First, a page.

In Enron Trial, Witnesses' Quirks And Stamina Are on the Stand

Former Enron executive Sherron Watkins after her Wednesday testimony. Under cross-examination, she admitted that her nickname was
Former Enron executive Sherron Watkins after her Wednesday testimony. Under cross-examination, she admitted that her nickname was "Buzzsaw." (By Pat Sullivan -- Associated Press)

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By Carrie Johnson
Washington Post Staff Writer
Saturday, March 18, 2006

HOUSTON, March 16 -- When former Enron Corp. executive Sherron Watkins took the witness stand Wednesday, she spoke confidently of the failings of her former bosses, chief executive Jeffrey K. Skilling and chairman Kenneth L. Lay.

The media-savvy Watkins, who won plaudits from Congress and the public for her warnings that the Houston company would collapse, volunteered opinions about everything from accounting strategy to board members she called inept.

But on cross-examination, defense lawyers took one of Watkins's apparent strengths -- her outspokenness -- and turned it against her.

Ron Woods, a lawyer for Skilling, asked whether Watkins had developed a reputation at Enron for overheated judgments and for failing to listen, and Watkins more or less concurred.

"I found out my nickname was 'Buzzsaw,' " the witness said.

Seven weeks into the blockbuster fraud trial of Lay and Skilling, defense lawyers have tried to wear down the government's witnesses with questions tailored to exploit personality quirks, large or small. Cross-examination, after all, is a high-stakes game of endurance and amateur psychology -- a matter of finding a witness's Achilles' heel, that trait most likely to undermine their performances on the witness stand.

And, in this case, the defense has plenty of weapons at its disposal. "The fact is, the defense does have a somewhat unusual amount of material to cross-examine them with," said Washington criminal defense lawyer E. Lawrence Barcella Jr. of the Enron investigation, which generated countless articles and voluminous written reports from Congress, a bankruptcy examiner, the company's board and federal regulators.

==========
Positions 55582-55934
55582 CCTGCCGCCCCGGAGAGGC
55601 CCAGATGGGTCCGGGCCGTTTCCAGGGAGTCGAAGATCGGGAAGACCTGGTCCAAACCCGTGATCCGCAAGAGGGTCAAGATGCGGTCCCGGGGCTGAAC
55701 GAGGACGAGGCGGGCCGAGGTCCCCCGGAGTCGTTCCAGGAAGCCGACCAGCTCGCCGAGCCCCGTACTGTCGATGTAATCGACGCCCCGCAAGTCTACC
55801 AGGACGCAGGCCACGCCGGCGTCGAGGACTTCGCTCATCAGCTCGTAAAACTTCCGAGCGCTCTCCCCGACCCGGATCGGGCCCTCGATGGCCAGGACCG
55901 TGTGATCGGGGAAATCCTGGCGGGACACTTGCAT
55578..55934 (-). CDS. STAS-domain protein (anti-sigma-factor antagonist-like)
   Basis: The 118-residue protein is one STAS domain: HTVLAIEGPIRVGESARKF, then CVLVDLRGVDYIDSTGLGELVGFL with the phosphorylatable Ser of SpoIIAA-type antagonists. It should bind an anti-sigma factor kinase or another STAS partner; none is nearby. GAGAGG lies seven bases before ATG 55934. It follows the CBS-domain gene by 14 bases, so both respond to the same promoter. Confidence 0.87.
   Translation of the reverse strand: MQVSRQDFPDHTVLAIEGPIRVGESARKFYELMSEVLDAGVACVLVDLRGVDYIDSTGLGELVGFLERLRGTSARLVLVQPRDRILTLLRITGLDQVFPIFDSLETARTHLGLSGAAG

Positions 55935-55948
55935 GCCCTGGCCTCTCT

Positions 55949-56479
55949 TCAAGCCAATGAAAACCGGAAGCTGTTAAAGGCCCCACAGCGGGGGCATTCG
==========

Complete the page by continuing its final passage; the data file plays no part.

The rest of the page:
The defense came out of the gate in February determined to test the endurance of the government's witnesses, many of them former executives who pleaded guilty and agreed to testify in exchange for reduced prison terms. Former investor relations chief Mark E. Koenig, the fraud trial's first witness, remained on the stand for eight days -- including five of protracted cross-examination in which a tired Koenig sometimes appeared to agree with the defense on certain points, if only to shorten his ordeal.

Questions to Kevin P. Hannon, a former official in Enron's high-speed-Internet unit who followed Koenig to the stand, appealed to the jury's sense of humor -- and Hannon's apparent lack of one.

Hannon delivered one of the most surprising bits of testimony so far -- saying under oath that Skilling uttered, "They're on to us," in a May 2001 meeting at which high-level executives discussed a research report suggesting that Enron's stock was overvalued. In a prosecution case built on subtle, indirect testimony, that quote resonated.

But Skilling lawyer Mark Holscher managed to diminish its impact. He underscored Hannon's stiff demeanor, repeatedly highlighting the witness's inability to react to a joke. Holscher suggested that Skilling often employed sarcasm to deride investors who bet that Enron's stock price would fall, implying that the "They're on to us" remark was a note of humor that everyone else in the room picked up but Hannon.

"Do you recall Mr. Skilling making reference to the Mr. Bill segment on 'Saturday Night Live'? The gag routine with Mr. Bill, 'Ooooh, noooo, Mr. Bill'?" Holscher asked.


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